Further on, Rubin goes further, noting that the current business model the labels use is dead (something that's been obvious for a very long time, IMHO). The problem is, Rubin hasn't quite caught up - listen to the model he thinks would work:
To combat the devastating impact of file sharing, he, like others in the music business (Doug Morris and Jimmy Iovine at Universal, for instance), says that the future of the industry is a subscription model, much like paid cable on a television set. "You would subscribe to music," Rubin explained, as he settled on the velvet couch in his library. "You'd pay, say, $19.95 a month, and the music will come anywhere you'd like. In this new world, there will be a virtual library that will be accessible from your car, from your cellphone, from your computer, from your television. Anywhere. The iPod will be obsolete, but there would be a Walkman-like device you could plug into speakers at home. You'll say, 'Today I want to listen to ... Simon and Garfunkel,' and there they are. The service can have demos, bootlegs, concerts, whatever context the artist wants to put out. And once that model is put into place, the industry will grow 10 times the size it is now."
Good luck with that. The iPod model is already entrenched, and I simply don't see people going to a model where their music lives elsewhere. Do I really want a device that has to connect to the net when I'm out jogging? An always on network connection on a small, battery driven device won't give you a heck of a lot of run time - my mobile phone doesn't have nearly the battery life that I'd like it to have, for instance. Not to mention the other reality of this plan: the record companies would DRM it to death, under the banner of "protecting" the artists.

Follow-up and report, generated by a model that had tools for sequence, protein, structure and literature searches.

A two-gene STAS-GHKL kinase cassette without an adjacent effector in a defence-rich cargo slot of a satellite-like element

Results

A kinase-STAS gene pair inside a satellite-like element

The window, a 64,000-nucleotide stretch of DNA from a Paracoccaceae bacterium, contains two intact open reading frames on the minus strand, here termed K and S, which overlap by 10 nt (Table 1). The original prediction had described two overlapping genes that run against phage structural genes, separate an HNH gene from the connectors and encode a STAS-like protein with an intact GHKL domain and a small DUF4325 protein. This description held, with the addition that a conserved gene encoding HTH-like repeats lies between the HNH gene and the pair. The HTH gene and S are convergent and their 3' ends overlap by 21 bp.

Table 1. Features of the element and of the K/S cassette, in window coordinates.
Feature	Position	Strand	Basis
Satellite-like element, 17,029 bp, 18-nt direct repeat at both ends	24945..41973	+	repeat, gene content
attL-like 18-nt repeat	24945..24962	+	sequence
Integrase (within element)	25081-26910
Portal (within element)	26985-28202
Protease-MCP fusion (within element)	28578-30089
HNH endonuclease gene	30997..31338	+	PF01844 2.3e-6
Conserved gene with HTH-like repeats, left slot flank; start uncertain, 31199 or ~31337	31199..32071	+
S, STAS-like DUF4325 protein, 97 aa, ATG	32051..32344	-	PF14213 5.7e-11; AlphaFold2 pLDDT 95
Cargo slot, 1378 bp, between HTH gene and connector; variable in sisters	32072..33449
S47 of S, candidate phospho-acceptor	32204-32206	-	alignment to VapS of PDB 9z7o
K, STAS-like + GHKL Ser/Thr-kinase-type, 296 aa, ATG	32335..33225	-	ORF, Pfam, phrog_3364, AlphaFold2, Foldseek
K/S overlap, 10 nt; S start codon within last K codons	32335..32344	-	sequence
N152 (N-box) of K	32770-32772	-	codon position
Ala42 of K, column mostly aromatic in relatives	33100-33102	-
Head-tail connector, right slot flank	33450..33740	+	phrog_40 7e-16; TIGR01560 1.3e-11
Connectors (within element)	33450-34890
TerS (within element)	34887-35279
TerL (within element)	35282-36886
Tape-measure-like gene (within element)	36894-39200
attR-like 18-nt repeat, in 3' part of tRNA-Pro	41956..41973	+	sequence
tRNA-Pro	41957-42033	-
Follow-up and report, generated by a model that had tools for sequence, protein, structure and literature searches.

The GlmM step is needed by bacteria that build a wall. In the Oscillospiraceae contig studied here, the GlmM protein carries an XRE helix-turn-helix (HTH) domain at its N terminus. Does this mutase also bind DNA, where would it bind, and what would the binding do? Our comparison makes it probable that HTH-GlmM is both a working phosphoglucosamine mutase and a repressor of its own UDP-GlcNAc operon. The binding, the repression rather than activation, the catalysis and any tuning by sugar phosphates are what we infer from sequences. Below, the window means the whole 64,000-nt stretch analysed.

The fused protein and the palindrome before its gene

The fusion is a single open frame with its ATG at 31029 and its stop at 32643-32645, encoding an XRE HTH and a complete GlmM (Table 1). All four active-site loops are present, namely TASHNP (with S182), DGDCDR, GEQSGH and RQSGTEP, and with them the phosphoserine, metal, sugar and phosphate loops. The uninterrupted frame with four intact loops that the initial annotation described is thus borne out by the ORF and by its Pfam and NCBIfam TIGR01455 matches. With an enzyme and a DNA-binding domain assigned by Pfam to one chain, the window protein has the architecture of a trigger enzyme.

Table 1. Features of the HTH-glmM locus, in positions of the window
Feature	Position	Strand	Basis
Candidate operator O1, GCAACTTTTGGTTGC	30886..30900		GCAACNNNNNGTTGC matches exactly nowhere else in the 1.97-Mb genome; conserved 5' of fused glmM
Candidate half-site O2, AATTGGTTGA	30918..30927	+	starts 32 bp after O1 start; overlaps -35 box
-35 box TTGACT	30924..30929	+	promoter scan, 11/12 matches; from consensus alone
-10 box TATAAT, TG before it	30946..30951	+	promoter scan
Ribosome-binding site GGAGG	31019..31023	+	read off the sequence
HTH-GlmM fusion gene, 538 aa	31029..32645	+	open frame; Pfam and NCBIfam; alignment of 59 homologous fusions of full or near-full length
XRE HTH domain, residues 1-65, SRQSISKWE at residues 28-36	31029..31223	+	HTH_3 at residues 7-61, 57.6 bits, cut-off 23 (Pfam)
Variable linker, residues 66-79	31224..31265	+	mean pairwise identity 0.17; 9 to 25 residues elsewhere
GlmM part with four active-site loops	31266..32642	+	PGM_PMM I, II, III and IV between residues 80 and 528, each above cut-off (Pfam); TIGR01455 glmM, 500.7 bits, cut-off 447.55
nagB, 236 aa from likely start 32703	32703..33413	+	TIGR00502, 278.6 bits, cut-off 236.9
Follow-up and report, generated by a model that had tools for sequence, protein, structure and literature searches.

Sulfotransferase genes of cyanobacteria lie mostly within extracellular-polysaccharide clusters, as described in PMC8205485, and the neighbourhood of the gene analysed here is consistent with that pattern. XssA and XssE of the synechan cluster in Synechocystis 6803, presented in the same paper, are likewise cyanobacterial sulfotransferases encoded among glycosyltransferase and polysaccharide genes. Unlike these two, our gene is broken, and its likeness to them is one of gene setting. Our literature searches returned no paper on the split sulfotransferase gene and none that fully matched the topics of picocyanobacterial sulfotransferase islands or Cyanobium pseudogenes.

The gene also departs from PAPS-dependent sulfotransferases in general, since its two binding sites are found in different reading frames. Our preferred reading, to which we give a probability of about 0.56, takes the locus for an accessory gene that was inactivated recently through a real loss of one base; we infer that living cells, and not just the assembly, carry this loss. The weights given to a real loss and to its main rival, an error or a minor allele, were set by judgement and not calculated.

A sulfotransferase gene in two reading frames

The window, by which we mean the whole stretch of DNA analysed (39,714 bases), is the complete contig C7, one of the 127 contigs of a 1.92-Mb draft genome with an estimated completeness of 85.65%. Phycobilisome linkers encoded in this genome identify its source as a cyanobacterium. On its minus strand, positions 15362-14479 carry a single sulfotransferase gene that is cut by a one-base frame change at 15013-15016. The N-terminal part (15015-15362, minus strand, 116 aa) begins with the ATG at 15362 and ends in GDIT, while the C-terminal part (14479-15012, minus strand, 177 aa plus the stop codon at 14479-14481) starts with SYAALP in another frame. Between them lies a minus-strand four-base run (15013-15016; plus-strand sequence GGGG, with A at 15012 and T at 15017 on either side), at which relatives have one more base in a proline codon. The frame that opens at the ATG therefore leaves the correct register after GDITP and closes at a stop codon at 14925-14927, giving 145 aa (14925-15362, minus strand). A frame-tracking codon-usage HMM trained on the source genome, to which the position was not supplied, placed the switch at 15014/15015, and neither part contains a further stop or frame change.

Along the lines of "protecting" the artists, the other bright idea tossed out in this article is that the artists should start sharing some of their tour money (on t-shirt sales, etc) with the labels. There's an idea - and I suspect it will go over like a brick. The artists are already getting screwed by the labels - why would they take this?
One more thing nails my "fossil" take on Rubin's approach - in discussing Paul Potts, who first made it on Britain's version of "American Idol" (which I believe pre-dates "American Idol"):